In each layer, there are little details that help bring the barbershop to life.

One such detail is how, the further we go into the background, the more abstract the faces become.

Some key themes this painting centres around is the artist’s experience with her queerness and femininity. This is most apparent in how the artist is getting involved in a traditionally male space.

The everyday snapshot of their experiences in Karachi really shows what it is like to navigate her world outside of accepted norms.

This painting is just one among many, in a body of work entitled “Sailoon and Other Stories”. This was on display at Jhaveri Contemporary in Mumbai. and can be viewed online.

Cityscape – Ather Jamal

5 Contemporary Paintings of Karachi

Ather Jamal is a painter who primarily works with watercolours.

He tends to create these gorgeous cityscape paintings of Karachi. Many of his works are painted on the spot at the locations he scouts.

This particular contemporary painting showcases the hustle and bustle of Karachi’s Saddar Bazar.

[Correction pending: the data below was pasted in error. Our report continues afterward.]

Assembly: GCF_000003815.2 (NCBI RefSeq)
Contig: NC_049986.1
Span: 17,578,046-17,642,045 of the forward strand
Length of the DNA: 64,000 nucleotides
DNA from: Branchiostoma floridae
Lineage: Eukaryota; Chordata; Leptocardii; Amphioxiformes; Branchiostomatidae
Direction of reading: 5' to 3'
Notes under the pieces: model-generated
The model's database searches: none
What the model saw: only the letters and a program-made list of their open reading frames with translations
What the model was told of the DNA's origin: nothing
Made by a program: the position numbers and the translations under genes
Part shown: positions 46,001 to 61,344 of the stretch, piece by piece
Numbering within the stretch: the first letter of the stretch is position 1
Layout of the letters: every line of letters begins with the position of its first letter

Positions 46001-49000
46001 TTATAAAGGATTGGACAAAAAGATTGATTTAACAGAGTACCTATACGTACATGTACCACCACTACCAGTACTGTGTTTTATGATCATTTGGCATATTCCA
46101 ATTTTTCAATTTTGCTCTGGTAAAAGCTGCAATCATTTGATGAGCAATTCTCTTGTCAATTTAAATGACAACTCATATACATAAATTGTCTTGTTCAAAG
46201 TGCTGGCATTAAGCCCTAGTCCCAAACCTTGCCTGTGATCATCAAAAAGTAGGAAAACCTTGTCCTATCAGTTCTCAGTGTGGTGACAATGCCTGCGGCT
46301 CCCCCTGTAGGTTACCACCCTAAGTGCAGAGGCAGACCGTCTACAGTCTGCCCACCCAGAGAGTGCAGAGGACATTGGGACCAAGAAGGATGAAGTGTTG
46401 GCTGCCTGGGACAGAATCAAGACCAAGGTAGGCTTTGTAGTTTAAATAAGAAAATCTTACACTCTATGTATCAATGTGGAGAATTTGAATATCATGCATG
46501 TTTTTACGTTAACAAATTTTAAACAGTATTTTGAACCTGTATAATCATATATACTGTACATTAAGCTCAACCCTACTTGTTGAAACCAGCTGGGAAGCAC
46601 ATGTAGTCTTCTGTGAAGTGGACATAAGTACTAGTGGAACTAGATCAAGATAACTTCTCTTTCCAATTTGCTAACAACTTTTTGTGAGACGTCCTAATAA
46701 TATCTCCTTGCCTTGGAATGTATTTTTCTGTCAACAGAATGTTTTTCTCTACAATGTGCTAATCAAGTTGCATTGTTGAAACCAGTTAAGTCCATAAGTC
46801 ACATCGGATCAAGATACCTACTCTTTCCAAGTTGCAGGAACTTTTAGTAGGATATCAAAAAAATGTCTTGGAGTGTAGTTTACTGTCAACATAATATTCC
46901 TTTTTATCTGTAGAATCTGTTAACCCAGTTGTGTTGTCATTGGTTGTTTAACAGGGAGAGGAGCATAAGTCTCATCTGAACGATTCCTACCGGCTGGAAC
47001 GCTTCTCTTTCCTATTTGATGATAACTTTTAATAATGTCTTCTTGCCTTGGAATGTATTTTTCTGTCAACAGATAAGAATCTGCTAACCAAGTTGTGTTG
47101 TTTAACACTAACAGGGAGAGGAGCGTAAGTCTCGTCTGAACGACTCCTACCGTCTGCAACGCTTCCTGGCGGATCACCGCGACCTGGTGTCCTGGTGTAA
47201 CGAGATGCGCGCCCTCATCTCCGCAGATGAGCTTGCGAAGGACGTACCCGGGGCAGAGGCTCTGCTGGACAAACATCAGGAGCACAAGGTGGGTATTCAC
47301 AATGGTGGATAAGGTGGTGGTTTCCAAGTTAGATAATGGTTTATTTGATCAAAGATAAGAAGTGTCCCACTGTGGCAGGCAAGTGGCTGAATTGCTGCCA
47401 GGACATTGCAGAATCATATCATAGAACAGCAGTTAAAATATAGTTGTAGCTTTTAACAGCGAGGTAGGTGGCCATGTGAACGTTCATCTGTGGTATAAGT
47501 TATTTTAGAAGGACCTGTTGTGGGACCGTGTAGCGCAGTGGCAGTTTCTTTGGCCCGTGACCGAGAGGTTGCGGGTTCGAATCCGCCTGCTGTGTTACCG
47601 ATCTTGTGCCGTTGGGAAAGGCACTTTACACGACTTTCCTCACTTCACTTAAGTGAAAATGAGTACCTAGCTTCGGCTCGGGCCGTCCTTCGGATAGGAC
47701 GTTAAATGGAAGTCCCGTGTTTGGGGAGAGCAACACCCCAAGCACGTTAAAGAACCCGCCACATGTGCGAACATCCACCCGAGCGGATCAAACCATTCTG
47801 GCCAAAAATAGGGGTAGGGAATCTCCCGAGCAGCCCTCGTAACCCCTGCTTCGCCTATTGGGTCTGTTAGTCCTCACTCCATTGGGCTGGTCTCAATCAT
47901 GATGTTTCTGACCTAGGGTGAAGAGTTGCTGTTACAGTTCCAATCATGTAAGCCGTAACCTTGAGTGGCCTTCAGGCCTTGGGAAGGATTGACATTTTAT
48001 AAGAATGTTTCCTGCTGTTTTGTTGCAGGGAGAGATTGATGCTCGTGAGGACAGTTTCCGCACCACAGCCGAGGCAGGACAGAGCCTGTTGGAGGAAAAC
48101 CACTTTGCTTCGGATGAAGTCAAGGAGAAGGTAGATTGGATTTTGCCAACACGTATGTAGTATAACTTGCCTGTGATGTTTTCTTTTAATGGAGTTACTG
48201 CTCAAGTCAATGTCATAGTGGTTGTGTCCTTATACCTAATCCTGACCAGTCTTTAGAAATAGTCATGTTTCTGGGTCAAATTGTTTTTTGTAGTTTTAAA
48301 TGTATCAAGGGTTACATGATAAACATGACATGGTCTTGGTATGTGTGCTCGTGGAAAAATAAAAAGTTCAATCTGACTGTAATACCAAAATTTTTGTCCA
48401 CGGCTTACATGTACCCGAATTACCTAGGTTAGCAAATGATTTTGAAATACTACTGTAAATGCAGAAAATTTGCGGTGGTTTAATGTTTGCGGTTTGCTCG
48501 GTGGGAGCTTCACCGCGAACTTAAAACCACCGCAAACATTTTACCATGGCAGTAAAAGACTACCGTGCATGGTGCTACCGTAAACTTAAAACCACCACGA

Saddar Bazar is one of the most well-known markets in Karachi. It was established during British rule in the late 19th Century.

Painted with a wide range of colours, the composition blocks the scene into multiple sections with straight lines of the building frame.

His paintings of Karachi show a deep interest in people. Here, it shows passersby in day-to-day life, as well as vendors and merchants.

This specific scene mixes details and abstract strokes to create the impression of a city soaked in life. There is a tinge of nostalgia as we are shown elements of old Karachi in the new.

This is reflected by the way that the closer to the middle, the more details you can make out, whilst the outer edges feel as if a fuzzy memory.

His work is displayed at the Clifton Art Gallery in Karachi.

Nadira – Haider Ali

5 Contemporary Paintings of Karachi

In our modern age, the traditional canvas is not the only place that people can paint on and express their ideas.

We see different places where paintings are displayed, from pottery to building walls and numerous other places. The possibilities are endless.